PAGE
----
Prenups do not state, ‘I’ll keep all of my money and you’ll have nothing as I’ve earned everything’. They are about protecting certain assets, or setting a much lower limit for capital and maintenance payments than the divorce court would use. They provide certainty and security to the player and their wife. They are about finding a solution when the relationship is good and both partners are happy and will be reasonable with each other.
If there is no prenup, and if a sportsperson or his wife were caught cheating, it could (quite rightly) cause a large degree of hostility. Trying to sort out division of assets and payment of maintenance when both sides are very angry will be far harder.
The cost of a prenup is dependent on the complexity of the situation but it will always be far cheaper (far less than a tenth) than the cost of dealing with finances on divorce if a couple does not have one.
If the player was married before they had any significant money, and they do not have a prenup, they should consider a postnup, which provides the same function as a prenup.
Introducing the idea of a prenup or a postnup is not romantic, and not very easy. However, there are ways of doing it which will not cause offence. Lawyers who are specialists in this area can advise on how to successfully ‘sell’ the idea of a prenup or postnup.
A cohabitation agreement has the same influence as a prenup or a postnup and plays the same role (limiting claims against the player, providing financial security for their girlfriend). The cost of a cohabitation agreement will also be far less than the cost of reaching a settlement after the relationship has broken down.
If a person dies without a Will, there are set rules which dictate who will get what11. If the deceased person has a spouse he/she would get everything but if the person was not married to their partner, he/she will get nothing. If the deceased had a spouse and children, the spouse would get the personal belongings, a lump sum of £250,000 and half of the remaining assets (from October 2014, following a change in the law)12. The children would get the other half of the remaining assets once they became adults. If the deceased does not have a spouse or children, the deceased’s assets would pass according to a set list set out by law. The parents would take everything if they are alive and, if not, the brothers and sisters and so on, to the more distant relatives if necessary. There is no flexibility in these provisions and the deceased’s estate may not pass according to their wishes.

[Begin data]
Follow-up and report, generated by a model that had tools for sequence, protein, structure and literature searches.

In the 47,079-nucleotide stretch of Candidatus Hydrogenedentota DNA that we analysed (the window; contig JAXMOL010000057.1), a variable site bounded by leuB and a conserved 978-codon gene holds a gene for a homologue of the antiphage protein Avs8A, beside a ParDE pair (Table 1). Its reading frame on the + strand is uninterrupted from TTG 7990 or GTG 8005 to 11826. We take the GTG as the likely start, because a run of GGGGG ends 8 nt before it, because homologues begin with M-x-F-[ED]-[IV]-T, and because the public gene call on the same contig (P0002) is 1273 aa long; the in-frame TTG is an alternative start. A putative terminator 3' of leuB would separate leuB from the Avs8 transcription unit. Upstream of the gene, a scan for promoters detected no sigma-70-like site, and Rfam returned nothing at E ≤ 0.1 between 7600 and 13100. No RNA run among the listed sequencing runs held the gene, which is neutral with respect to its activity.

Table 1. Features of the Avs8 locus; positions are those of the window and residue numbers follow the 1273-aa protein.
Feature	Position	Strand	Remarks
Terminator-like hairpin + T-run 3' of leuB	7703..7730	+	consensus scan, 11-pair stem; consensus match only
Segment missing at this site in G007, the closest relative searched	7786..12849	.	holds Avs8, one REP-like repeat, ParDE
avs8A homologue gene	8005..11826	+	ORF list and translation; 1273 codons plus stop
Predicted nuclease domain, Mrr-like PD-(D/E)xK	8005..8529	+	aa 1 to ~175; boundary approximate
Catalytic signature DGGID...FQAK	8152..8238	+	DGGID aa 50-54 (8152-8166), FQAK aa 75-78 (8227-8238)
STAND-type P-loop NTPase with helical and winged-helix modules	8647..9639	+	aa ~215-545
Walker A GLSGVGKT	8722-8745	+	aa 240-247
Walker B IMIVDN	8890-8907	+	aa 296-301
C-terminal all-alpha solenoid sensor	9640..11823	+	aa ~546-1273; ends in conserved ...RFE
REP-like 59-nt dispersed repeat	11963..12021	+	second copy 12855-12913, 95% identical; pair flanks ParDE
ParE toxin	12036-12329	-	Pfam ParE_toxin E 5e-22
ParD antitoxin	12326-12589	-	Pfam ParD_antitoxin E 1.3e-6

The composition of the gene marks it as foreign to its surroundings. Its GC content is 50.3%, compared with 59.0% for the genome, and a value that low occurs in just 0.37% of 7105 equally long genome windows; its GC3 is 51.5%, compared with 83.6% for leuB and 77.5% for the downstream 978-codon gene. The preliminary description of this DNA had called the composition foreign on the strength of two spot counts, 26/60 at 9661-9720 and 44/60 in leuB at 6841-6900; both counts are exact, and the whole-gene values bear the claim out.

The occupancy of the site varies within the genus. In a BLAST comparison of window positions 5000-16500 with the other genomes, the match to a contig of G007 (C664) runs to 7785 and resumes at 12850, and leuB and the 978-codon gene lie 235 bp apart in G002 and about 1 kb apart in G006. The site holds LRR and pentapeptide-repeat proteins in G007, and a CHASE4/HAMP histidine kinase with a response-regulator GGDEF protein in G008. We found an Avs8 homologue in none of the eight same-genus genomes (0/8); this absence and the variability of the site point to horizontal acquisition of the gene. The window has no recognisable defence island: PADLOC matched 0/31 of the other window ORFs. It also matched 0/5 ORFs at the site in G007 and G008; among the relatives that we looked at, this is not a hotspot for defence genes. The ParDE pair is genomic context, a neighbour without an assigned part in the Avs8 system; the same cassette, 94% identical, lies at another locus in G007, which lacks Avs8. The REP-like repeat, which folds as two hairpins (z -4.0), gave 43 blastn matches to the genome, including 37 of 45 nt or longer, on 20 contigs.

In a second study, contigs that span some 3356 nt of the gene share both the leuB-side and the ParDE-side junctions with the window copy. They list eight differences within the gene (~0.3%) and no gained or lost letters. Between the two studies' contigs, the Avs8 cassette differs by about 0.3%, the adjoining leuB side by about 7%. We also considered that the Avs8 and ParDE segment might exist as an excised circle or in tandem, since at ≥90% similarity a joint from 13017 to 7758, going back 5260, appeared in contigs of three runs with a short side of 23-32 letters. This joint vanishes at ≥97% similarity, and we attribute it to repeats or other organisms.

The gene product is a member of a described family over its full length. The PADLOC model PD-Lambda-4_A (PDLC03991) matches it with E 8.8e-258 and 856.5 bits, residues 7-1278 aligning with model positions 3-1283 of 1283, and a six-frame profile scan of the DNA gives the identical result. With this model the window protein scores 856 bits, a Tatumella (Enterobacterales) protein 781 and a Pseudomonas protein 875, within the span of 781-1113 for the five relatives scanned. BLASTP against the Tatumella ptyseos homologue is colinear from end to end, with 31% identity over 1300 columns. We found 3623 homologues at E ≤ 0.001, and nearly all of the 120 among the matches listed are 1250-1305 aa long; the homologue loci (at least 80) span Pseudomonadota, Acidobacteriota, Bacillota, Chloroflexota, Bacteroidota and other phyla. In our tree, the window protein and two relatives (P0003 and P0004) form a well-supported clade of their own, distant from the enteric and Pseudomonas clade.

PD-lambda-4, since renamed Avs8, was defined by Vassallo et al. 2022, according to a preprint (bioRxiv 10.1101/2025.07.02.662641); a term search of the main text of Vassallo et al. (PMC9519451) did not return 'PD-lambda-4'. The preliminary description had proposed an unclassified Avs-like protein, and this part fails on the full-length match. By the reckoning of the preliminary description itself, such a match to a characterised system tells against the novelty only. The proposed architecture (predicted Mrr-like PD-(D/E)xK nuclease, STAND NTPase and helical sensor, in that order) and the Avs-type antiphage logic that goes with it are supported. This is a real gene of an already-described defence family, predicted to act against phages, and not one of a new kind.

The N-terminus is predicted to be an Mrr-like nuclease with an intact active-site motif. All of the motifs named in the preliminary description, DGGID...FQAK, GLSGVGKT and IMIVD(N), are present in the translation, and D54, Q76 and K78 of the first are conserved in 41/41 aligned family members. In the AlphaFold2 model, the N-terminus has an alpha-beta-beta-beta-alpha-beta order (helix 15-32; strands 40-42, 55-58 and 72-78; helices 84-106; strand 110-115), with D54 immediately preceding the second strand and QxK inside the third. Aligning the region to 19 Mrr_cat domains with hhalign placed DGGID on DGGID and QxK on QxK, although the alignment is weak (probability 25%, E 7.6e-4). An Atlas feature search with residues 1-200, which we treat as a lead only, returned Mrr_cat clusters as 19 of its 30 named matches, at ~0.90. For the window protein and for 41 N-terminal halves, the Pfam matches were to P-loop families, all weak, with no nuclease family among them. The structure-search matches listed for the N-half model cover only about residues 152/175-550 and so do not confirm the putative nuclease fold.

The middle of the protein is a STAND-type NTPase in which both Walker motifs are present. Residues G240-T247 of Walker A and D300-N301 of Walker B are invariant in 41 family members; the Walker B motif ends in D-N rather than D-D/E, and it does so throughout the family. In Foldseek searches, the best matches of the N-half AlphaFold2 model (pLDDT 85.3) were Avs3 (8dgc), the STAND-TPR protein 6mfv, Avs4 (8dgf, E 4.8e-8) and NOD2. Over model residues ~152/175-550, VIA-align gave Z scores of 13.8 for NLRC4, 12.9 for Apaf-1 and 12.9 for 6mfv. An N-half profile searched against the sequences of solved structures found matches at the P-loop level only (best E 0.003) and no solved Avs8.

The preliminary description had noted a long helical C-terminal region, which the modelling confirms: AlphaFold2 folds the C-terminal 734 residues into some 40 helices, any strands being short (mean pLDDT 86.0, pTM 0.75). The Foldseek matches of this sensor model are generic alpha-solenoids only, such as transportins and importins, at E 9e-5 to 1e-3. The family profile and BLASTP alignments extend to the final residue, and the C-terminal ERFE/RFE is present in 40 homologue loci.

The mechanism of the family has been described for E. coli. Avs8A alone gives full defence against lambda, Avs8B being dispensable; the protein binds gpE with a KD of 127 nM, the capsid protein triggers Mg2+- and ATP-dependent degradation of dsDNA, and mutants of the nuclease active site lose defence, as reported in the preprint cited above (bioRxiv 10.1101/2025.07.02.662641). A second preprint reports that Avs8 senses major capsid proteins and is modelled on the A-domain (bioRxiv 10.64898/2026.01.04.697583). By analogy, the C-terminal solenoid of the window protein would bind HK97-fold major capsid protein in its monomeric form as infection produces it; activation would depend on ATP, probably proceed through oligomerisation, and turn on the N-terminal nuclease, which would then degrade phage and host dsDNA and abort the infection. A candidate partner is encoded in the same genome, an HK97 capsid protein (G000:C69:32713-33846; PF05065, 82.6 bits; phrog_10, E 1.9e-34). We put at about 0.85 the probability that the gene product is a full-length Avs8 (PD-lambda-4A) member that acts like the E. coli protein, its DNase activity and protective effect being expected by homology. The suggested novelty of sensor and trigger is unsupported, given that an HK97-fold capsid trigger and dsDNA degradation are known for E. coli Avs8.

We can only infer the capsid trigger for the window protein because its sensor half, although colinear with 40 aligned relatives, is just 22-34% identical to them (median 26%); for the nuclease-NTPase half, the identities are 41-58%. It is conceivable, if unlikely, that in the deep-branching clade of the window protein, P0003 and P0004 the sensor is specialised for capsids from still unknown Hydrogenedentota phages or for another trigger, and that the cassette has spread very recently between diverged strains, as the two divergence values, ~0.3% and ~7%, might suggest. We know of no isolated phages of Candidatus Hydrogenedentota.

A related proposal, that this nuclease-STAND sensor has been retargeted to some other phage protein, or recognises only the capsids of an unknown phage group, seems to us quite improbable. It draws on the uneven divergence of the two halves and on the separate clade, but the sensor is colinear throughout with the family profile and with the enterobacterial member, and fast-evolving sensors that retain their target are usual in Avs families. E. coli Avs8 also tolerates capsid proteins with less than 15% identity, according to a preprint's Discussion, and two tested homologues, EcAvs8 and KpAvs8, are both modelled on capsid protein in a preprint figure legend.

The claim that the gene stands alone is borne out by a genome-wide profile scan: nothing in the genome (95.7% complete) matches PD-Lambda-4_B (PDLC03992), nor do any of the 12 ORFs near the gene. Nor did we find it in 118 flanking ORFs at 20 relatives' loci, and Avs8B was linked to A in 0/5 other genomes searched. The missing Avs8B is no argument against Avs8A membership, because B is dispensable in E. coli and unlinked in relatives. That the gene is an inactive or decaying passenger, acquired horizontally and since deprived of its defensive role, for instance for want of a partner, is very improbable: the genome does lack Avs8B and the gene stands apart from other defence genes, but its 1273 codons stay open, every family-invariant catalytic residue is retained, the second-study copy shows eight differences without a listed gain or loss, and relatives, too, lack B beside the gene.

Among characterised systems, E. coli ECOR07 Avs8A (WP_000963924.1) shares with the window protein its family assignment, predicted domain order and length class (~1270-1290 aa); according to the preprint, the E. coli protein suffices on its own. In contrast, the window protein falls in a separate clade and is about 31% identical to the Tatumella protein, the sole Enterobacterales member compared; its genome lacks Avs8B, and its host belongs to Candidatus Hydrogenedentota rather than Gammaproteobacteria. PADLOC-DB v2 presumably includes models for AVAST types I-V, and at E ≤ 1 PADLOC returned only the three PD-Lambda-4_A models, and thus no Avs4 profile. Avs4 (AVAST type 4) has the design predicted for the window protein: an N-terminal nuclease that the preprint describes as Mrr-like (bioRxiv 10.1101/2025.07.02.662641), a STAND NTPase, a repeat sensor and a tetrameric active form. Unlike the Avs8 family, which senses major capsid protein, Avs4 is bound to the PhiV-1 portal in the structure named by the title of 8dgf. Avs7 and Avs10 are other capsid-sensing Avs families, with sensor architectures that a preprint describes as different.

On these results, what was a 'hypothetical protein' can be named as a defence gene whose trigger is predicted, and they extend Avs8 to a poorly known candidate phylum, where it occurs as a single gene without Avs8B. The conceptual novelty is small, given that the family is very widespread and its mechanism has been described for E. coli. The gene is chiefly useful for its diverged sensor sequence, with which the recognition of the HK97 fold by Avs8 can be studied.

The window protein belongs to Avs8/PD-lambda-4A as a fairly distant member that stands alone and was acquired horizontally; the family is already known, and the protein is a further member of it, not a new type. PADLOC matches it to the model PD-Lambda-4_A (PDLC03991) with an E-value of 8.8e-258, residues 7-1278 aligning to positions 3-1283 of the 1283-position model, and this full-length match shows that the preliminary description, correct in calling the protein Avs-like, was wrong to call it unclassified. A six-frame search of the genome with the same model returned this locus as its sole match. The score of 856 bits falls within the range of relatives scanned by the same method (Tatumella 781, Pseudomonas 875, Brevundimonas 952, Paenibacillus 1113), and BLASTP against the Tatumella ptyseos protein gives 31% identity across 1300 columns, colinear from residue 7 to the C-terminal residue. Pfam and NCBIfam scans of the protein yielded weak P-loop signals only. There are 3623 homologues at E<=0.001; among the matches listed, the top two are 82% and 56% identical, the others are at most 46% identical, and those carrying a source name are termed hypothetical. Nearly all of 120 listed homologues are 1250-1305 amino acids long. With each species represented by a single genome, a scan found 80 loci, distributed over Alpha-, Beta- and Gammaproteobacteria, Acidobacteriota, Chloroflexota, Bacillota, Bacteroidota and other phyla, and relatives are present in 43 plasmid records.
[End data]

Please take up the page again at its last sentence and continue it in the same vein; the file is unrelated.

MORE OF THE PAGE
If a person takes proper advice on an appropriate Will, this document can not only make sure that the correct people benefit under the Will but can also deal with the following:
- Who should administer the estate?
- Who should act as guardians of any children?
- Who should receive personal belongings or any cash gifts?
- Any funeral wishes?
A Will can also include provisions to protect wealth, often by the use of ongoing trusts. An individual could grant their spouse an automatic right to income (with the option to give him/her lump sums of capital in the future) but in the meantime, the capital is protected for the children or other beneficiaries. If the individual is making provision for children, a trust could ensure that they receive their ‘share’ at an appropriate age rather than automatically at a set age (usually 18, 21 or 25). Provision could be made for a partner, while making sure that some of the wealth is preserved for the individual’s family.
A couple of examples show how this protection can work in different ways:
A young wealthy footballer marries and has two children. He unfortunately passes away in a motoring accident and his Will leaves his entire estate to his wife. She remarries a few year later and has another child. On her death, her estate passes to her new husband, who eventually passes most of the wealth to his own child rather than to the two children of the footballer. This could have been prevented had the wife only been given a right to income, with the capital of the footballer’s wealth protected for the eventual benefit of his own children.